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Ignorance kills wildlife, longtime conservationist says

Sandy Pines Wildlife Centre will be visiting Quinte Conservation Thursday evening.

Representatives of Sandy Pines Wildlife Centre in Napanee held a seminar at Quinte Conservation headquarters at Wallbridge-Loyalist Road and Old Highway 2 last Thursday evening. Photo by Emilie Quesnel, QNet News

By Emilie Quesnel [1] 

BELLEVILLE – Humans are the reason that Sandy Pines Wildlife Centre [2] is so busy with sick and injured wildlife, according to founder and president Sue Meech.

“People do a lot of damage to animals and the wildlife population,” Meech said.

Napanee-based Sandy Pines paired with Quinte Conservation [3] to put together an information night that welcomed people from the area to come and learn about wildlife conservation and how they can help.

Meech says she is passionate about informing the people of the Quinte area about these things.

She said she hopes that the information night will enlighten people on the dangers that local wildlife face every day, and how people can help create a safer world for animals to live in.

“I hope they leave knowing that they’ve got to share this planet with the wildlife on it. Without the wildlife, we’re nothing.”

Sandy Pines Wildlife Centre has been around for over 20 years. The work the organization does ranges from rehabilitating sick animals, to working with veterinarians and humane societies throughout Ontario, to assisting homeowners who are having animal problems.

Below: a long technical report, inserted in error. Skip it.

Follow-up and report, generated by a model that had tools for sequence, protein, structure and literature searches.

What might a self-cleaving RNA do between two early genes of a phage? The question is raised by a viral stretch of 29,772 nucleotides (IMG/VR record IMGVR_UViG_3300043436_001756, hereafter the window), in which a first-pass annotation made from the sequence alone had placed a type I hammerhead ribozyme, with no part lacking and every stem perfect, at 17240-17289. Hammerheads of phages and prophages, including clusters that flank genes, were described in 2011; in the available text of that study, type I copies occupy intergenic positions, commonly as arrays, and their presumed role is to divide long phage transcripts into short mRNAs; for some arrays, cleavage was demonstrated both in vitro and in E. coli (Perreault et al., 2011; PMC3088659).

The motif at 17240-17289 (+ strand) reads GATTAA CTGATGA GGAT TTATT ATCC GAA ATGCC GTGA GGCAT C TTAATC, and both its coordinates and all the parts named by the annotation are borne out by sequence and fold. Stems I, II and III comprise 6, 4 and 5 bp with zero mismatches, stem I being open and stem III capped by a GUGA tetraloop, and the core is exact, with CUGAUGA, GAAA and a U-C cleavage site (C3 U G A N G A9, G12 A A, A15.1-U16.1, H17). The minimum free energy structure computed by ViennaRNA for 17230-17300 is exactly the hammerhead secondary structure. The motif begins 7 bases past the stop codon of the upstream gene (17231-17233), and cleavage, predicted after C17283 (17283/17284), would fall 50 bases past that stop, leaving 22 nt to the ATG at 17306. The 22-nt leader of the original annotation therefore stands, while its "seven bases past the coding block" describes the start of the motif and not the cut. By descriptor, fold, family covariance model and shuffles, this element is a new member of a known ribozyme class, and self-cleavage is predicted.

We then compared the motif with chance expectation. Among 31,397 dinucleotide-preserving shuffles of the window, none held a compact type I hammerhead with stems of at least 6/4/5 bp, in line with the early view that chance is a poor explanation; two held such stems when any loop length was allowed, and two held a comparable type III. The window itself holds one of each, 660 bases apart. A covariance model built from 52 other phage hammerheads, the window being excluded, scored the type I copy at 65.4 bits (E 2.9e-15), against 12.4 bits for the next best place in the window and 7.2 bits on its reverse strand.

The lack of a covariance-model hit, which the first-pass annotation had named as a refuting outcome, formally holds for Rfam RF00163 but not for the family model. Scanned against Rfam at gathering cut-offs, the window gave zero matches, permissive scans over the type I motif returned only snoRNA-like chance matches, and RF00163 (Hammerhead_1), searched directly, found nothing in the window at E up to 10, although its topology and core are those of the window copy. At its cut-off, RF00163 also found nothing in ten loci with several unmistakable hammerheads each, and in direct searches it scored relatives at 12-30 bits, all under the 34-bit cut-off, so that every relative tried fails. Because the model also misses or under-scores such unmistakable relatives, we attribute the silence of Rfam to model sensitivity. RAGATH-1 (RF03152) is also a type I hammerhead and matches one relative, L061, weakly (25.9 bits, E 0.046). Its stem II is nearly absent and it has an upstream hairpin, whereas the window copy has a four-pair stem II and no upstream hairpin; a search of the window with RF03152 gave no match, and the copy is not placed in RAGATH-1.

This is the time of year that the centre sees the sickest patients, Meech said. Wintertime brings in many animals who are suffering from a range of things: gunshot wounds, diseases, and young that have been separated from their mothers.

The relationship between humans and wild animals should remain distant, she said. “We want to keep them wild. We don’t want them to like us … We’re interfering too much with their lives.”

Jennifer May-Anderson, the communications manager for Quinte Conservation, said one thing people do for wildlife that seems kind, but isn’t, is to feed them. Feeding may do more harm than good, she said. Many municipalities have bylaws [4] against feeding wildlife.

Even feeding birds can be problematic, she said, explaining that the birds attracted to feeders create “a buffet” for larger birds that prey on them: “When you feed birds you have to be prepared for the fact that every Cooper’s hawk [5] in the area knows that there are wild birds there.”

Feeding isn’t the only problem; there are other things people do in attempts to help that just make things worse wildlife. For example, you should never trap and relocate animals more than one kilometre away from where they’re found. In fact, it’s illegal.

“If you trap and don’t know if you’ve got a male or female there, there’s a chance you’re taking a mother away from its young and they’re going to die without help,” Meech said. The animal could spend weeks, even months, trying to find its way back home and could starve in the process.

Meech says she spends every day working to protect and save wildlife because she said she feels that she owes them.

“What I do here is kind of like payback time. I’m trying to make up to the animals for all the damage that humans do on this planet.”